Two factors are crucial if the planned high-speed rail link between Singapore and Kuala Lumpur is to be completed by 2020, said experts yesterday.
There must be strong political will and most decisions will need to be finalised by next year.
Even then, it will be touch-and-go, they added, as many other key issues need to be resolved.
These include the final location of the terminal in Singapore, which has identified three possible sites; the alignment of the rail line and whether it will run on ground level, be elevated or underground; and financing of the project.
But if the two governments can define all the key parameters by end-2015, Mr Barry Howe, vice-president (marketing and strategy) at rail systems supplier Alstom Transport Asia-Pacific, believes it would be possible to complete the project by 2020.
He was commenting on the 2020 deadline Prime Minister Lee Hsien Loong and his Malaysian counterpart Najib Razak had set for the 320km to 340km rail project, which will provide a 90-minute commute between Singapore and KL.
Meeting the deadline hinges on the rail being at ground level, which would be "fairly simple" to build, said Mr Joshua Ong, vice-president of engineering consultancy Jurong Consultants.
"You just need to get the ground compacted and lay the tracks," he noted.
Going underground, however, will take "twice as long or more", he said.
For instance, construction of the proposed Tokyo-Nagoya maglev system, which is largely underground, is expected to take 13 years.
The maglev will cut travel time between the two cities - their distance is about that between KL and Singapore - from 90 minutes on the Shinkansen bullet train to 40 minutes.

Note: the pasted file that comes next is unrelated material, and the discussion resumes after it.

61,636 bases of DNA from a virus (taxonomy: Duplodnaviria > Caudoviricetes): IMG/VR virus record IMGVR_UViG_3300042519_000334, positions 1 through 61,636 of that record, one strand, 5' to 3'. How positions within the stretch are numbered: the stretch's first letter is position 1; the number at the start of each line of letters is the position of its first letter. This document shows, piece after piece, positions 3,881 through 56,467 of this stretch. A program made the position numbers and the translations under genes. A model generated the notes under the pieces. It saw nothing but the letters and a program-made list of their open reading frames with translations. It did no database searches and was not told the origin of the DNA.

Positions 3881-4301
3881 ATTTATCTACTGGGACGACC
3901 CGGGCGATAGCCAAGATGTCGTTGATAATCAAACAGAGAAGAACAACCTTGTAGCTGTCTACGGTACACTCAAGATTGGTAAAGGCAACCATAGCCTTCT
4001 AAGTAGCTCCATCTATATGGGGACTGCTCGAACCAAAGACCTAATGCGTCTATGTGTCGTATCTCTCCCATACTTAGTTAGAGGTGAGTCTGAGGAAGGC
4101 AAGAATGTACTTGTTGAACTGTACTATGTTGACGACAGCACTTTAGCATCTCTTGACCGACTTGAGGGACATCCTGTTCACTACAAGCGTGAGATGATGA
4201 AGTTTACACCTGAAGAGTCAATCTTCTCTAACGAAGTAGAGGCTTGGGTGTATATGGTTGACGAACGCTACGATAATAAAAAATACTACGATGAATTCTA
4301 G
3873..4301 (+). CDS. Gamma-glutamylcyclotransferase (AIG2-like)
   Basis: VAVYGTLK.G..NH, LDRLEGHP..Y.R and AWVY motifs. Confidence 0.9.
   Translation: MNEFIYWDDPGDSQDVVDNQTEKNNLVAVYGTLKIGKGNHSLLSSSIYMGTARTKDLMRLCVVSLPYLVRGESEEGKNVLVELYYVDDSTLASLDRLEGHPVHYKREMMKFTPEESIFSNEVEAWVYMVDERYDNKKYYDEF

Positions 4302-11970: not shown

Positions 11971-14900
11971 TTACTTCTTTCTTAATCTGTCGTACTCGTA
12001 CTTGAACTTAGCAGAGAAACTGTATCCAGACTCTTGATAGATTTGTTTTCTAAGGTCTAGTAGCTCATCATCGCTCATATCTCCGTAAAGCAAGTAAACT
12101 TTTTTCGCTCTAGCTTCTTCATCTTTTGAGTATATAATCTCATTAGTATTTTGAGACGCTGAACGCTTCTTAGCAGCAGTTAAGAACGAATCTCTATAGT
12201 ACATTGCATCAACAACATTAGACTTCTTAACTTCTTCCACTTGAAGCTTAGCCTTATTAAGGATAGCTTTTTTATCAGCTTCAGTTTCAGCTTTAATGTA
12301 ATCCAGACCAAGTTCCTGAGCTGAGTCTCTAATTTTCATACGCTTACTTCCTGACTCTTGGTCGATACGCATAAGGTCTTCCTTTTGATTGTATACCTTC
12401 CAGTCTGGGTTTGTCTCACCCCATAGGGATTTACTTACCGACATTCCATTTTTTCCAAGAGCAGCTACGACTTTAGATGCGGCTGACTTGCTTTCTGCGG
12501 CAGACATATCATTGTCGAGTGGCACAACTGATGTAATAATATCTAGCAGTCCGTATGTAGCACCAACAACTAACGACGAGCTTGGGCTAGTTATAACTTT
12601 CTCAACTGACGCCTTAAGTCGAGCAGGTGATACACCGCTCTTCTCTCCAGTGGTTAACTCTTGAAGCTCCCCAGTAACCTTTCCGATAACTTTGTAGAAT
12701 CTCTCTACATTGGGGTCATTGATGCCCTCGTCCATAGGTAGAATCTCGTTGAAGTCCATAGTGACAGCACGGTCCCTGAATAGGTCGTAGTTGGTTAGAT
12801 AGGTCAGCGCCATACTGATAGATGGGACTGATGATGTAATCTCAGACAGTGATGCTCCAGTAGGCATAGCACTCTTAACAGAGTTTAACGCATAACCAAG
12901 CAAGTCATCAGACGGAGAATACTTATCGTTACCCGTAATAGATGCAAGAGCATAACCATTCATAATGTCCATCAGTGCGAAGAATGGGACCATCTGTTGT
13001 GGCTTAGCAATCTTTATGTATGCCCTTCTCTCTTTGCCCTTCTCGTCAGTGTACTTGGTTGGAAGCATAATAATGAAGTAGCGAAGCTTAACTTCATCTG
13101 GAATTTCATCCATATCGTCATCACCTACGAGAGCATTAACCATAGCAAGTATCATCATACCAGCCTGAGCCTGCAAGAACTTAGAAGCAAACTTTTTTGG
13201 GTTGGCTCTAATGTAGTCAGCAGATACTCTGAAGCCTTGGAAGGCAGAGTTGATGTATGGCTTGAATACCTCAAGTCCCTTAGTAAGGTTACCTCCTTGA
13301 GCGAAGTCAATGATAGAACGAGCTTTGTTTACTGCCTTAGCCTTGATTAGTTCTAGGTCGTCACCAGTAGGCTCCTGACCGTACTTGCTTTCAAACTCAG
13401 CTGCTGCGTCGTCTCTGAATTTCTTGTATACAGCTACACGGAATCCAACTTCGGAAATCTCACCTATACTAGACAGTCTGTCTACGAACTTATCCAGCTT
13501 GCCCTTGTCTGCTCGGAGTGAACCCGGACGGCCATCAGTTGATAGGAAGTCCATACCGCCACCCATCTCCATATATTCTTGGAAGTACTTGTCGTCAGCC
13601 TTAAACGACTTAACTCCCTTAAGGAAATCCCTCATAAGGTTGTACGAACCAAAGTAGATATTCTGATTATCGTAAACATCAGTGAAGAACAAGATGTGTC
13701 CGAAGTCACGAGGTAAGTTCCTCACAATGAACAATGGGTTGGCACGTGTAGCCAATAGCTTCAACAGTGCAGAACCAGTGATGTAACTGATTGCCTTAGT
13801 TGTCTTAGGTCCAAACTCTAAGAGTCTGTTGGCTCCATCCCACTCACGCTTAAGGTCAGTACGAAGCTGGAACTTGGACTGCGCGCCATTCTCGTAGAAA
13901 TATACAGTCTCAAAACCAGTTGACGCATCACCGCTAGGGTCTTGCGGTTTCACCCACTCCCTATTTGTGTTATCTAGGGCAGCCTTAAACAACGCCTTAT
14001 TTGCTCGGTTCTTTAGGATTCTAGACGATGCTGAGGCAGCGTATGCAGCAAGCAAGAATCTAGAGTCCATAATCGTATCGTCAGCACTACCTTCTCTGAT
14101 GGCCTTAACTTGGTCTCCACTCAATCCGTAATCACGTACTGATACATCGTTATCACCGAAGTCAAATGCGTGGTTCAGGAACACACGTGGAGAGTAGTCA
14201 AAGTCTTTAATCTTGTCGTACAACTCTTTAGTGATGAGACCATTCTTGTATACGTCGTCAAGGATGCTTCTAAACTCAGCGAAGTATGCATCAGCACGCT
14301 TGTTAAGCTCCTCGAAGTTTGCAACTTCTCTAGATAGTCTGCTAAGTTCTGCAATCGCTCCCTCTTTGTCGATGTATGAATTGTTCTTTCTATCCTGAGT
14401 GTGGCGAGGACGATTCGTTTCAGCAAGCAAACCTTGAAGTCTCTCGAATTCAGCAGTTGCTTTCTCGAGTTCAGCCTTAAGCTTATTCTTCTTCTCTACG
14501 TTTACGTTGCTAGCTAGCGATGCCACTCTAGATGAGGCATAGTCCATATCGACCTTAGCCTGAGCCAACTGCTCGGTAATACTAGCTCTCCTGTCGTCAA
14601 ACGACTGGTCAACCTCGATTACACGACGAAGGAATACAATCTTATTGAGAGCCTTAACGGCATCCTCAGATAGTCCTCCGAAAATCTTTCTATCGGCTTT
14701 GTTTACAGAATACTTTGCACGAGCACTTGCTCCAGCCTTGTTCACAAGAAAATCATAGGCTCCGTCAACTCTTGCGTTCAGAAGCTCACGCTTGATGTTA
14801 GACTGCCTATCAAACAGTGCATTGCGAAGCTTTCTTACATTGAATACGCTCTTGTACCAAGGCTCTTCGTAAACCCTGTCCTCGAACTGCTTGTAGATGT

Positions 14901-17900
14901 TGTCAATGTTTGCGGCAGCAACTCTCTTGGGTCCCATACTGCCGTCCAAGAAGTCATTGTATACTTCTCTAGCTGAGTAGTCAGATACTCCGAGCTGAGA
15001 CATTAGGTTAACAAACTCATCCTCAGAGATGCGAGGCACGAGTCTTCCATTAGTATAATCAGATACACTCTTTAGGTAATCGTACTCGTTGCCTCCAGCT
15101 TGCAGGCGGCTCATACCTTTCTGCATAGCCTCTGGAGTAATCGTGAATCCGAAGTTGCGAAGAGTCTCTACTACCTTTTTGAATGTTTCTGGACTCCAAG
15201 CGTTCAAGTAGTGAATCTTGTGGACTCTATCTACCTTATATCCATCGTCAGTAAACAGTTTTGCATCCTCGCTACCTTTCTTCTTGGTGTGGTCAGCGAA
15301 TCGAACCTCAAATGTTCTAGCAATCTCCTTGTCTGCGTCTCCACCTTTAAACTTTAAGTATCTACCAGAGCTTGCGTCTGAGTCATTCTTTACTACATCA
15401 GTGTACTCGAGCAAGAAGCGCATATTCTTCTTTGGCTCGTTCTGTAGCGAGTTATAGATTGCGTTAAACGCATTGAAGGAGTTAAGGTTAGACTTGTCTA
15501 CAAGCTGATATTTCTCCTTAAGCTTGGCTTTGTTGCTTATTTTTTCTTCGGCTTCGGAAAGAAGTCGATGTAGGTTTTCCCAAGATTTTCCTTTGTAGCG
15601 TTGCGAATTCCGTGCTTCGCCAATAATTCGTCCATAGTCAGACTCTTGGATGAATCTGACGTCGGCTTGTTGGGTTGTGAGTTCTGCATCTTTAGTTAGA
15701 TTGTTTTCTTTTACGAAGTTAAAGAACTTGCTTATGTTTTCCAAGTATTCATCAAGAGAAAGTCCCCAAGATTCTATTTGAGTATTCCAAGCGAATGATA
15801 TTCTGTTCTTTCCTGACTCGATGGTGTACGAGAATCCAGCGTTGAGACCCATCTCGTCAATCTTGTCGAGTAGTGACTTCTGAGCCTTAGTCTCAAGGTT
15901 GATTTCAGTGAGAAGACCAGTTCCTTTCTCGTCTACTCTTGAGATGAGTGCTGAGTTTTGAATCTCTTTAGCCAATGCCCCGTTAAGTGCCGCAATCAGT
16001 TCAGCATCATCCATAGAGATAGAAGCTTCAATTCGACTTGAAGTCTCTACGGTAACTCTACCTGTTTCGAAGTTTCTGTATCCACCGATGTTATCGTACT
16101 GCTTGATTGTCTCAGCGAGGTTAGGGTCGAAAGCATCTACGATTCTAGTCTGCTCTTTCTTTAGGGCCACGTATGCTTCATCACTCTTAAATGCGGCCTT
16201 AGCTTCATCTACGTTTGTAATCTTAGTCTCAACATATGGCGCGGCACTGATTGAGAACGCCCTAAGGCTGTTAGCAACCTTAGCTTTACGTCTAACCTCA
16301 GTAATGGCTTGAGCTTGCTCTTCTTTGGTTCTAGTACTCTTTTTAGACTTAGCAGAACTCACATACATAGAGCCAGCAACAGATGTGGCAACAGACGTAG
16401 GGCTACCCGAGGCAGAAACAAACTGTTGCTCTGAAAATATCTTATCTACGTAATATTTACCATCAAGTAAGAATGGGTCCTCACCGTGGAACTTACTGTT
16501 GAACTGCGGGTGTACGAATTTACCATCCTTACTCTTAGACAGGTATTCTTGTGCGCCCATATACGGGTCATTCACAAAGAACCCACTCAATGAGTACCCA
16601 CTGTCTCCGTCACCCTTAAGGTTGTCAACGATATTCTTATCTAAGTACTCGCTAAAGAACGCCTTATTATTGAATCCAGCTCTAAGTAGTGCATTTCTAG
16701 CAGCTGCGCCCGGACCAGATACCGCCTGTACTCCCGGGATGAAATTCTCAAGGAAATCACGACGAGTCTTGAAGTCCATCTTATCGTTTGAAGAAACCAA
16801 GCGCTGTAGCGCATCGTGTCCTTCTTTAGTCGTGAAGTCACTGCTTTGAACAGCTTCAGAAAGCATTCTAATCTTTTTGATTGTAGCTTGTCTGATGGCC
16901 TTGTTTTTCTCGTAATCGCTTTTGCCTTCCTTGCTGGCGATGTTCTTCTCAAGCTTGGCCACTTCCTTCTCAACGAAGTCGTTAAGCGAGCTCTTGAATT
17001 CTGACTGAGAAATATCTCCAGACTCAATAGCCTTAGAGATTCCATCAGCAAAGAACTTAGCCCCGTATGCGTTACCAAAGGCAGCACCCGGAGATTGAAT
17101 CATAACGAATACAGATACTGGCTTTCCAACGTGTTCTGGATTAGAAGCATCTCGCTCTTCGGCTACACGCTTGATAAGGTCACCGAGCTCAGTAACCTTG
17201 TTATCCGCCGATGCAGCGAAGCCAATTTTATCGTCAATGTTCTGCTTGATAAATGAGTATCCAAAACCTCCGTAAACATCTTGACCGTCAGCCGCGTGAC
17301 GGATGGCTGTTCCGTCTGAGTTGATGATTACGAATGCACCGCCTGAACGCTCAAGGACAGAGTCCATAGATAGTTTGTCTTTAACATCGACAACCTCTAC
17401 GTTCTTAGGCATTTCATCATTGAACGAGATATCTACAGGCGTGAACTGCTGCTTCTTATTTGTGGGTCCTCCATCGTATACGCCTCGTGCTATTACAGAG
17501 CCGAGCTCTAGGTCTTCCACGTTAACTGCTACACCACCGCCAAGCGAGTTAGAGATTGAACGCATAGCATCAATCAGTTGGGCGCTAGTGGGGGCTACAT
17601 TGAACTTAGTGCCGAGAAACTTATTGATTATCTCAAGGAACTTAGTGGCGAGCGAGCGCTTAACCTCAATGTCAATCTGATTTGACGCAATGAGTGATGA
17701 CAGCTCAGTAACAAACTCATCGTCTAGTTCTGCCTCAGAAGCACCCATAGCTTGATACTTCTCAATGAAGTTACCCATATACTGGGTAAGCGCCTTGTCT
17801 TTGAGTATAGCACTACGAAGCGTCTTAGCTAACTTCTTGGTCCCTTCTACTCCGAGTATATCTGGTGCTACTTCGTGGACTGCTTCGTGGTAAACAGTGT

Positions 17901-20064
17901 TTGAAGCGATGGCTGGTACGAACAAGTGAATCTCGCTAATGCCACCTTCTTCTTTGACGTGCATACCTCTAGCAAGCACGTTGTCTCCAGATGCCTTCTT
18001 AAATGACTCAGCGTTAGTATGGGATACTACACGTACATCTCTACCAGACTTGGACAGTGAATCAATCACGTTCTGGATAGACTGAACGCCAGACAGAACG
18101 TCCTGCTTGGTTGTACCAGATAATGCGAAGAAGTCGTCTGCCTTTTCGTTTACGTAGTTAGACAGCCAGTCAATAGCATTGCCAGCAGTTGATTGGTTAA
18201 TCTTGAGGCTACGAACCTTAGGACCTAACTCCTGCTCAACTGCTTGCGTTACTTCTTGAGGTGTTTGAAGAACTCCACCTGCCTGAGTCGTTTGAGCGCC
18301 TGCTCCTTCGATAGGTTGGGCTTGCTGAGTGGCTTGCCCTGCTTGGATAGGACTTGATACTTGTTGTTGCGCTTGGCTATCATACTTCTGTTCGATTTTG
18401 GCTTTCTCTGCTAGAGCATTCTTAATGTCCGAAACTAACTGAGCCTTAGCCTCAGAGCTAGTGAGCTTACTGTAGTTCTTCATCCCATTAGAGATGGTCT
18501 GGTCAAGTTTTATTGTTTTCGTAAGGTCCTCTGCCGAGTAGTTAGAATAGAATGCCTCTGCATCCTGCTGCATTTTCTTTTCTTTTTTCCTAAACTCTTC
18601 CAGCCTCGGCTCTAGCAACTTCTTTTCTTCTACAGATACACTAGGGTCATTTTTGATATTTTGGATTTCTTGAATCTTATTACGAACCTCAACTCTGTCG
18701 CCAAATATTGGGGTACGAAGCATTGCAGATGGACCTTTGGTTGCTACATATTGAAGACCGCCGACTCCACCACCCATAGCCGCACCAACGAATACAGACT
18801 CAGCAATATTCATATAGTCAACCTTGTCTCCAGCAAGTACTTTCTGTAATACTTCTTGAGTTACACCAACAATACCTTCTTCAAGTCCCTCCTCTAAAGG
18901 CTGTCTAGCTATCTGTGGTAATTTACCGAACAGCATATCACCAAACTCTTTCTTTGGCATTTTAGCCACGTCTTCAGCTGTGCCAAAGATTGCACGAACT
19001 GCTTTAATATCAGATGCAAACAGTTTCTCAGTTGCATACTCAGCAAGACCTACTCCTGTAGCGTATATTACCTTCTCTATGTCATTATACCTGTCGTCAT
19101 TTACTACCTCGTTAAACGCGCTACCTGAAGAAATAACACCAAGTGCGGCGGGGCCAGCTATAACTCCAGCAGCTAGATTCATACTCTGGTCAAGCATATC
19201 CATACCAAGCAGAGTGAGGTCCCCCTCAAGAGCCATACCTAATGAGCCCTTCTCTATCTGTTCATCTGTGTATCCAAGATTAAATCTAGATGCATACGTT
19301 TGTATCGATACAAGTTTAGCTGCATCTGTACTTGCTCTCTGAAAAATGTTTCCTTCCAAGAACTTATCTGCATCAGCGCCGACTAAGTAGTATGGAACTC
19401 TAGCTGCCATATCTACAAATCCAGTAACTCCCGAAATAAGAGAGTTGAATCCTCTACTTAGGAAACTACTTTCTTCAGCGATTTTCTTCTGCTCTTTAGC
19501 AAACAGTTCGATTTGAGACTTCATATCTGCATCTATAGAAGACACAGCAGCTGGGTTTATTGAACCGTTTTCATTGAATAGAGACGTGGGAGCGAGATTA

Mr Rajan Krishnan, chief executive of engineering firm KTC Group and former head of rail projects at the Land Transport Authority, envisages a large part of the line in Malaysia to be at ground level as going underground most of the way "will not be economically viable".
He foresees land acquisition to be the main issue. "If land had already been earmarked for such a project, then it will be easier."
Looking at how China built its high-speed rail network, Mr Ong said: "If there's a will, there's a way."
China began planning its high-speed rail system in the early 1990s. Today, its network is the world's longest, spanning more than 10,000km.
In contrast, it took Taiwan nearly 30 years to roll out a 345km high-speed rail link between Taipei and Kaoshiung. Construction took about seven years, but the planning took nearly 20.
While an underground system will be up to five times costlier to build than a ground-level line, it may be more cost-efficient in the long run, said industry observers.
For instance, it will be safer as intrusions by humans and animals can be eliminated. Also, speed will not be hampered by wet weather.
But Mr Krishnan also noted that intrusions can be prevented "by erecting high fences, which are used widely in Europe".
As for the cost of the project, an estimation is difficult as there are too many unknowns, said industry players.
But Mr Colin Stewart, global rail leader at international engineering consultancy Arup, had told The Straits Times in an interview last year that it should range from £15 million (S$31.4 million) to £40 million per km, depending on the complexity of construction.
If so, the KL-Singapore project could cost as much as $30 billion, excluding land costs.
Cost is also dependent on the system. The Tokyo-Nagoya system, which uses the latest magnetic-levitation trains capable of 500kmh speeds, is estimated to cost $110 billion, or $171 million per km.